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Machu Picchu to reopen at 50% capacity, but no date set
A government inspector takes a selfie on June 15, 2020 in the empty Machu Picchu, the 15th century Inca citadel located at 2,430 metres in the Andes mountain range, 80 km from Cusco in southern Peru, which has been closed to tourism since March 16, 2020 due to the COVID-19 coronavirus pandemic. Peru, considered as one of America's and the world's leading tourism destinations, closed down its borders on March 16, 2020 seeking to curve the spread of the novel coronavirus COVID-19. The halt of the tourism industry caused many to loose their jobs and has led to the slow deterioration of some of the well known tourist sites. Percy HURTADO / AFP.



LIMA (AFP).- Peru's iconic tourist attraction Machu Picchu will reopen at half capacity following a coronavirus-forced closure, the Peruvian government said on Tuesday, although it didn't set a date.

"Admission to Machu Picchu will be 2,244 visitors a day," the government said in the official gazette. That's half the number of tourists usually allowed in to the ancient Inca citadel in the high season.

The new limit has been suggested by international experts in a bid to avoid the gradual deterioration of the crown jewel of Peruvian tourism, which has been a UNESCO World Heritage Site since 1983.

The new limited capacity has nothing to do with the coronavirus, though, and is part of measures the culture ministry was planning on taking anyway. The implementation was delayed by the country's virus lockdown.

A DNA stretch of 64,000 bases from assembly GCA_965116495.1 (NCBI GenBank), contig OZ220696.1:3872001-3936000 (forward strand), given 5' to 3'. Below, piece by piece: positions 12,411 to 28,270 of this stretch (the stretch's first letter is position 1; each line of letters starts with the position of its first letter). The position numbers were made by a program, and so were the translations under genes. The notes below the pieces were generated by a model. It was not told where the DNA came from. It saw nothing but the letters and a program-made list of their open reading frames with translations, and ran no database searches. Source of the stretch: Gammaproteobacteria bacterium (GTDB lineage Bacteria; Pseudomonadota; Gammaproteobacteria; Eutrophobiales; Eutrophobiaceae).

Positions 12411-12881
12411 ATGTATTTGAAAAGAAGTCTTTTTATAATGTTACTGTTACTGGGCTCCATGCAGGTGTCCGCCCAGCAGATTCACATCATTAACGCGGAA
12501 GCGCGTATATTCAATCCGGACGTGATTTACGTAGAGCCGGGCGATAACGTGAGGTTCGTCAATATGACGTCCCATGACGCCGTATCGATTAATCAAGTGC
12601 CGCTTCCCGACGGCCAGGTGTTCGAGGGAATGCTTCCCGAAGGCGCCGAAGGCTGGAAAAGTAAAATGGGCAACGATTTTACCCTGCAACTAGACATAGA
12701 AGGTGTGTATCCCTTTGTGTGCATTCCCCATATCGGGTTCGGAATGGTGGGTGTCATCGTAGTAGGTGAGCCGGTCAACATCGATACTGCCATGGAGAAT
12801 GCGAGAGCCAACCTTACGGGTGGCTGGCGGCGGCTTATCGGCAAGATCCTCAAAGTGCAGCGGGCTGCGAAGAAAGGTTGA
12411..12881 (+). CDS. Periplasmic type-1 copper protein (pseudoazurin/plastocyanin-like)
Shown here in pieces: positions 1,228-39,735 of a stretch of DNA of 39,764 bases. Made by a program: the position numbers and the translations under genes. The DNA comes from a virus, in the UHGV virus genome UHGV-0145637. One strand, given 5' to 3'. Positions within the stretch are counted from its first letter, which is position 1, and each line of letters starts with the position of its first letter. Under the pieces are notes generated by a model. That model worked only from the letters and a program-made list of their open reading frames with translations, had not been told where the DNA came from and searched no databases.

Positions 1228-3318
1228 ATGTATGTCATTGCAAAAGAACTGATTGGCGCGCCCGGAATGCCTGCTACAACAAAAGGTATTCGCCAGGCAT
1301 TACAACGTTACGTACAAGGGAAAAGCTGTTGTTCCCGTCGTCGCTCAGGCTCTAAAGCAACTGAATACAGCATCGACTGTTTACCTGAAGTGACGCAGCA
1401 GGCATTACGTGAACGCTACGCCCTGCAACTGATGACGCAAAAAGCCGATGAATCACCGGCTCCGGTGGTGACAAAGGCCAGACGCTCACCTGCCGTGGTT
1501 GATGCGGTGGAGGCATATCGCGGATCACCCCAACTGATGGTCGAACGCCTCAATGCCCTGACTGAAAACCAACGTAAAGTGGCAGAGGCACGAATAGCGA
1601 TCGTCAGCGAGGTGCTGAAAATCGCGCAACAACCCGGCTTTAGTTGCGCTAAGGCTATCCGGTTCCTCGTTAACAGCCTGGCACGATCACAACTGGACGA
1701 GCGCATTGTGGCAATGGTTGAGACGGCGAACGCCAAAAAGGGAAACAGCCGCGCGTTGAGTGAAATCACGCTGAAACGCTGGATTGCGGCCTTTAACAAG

Before the pandemic struck, Machu Picchu used to welcome between 2,000 and 3,000 visitors a day, with peaks of 5,000 in the high season.




The pandemic has caused a collapse of Peru's tourism industry. In the city of Cusco, the ancient Incan capital 70 kilometers (42 miles) from Machu Picchu, tourism employs 100,000 people.

Machu Picchu, which opened to tourists in 1948, was due to reopen on July 1 at a limited capacity of just 675 visitors a day with social distancing measures -- but that plan was abandoned over fears it could contribute to infections spreading in neighboring towns.

Peru's borders have been closed for almost four months as the country battles the coronavirus pandemic, which has killed almost 11,000 people and infected more than 300,000.

It is the third worst affected country in Latin America for deaths and second worst hit in terms of cases.

The government stepped up security at Machu Picchu, which last closed to visitors in 2010 after a flood damaged the access railway, during the lockdown to prevent thefts of archeological treasures.

The Peruvian tourism industry has suffered losses totaling $3.3 billion this year, according to Prime Minister Vicente Zeballos.

© Agence France-Presse










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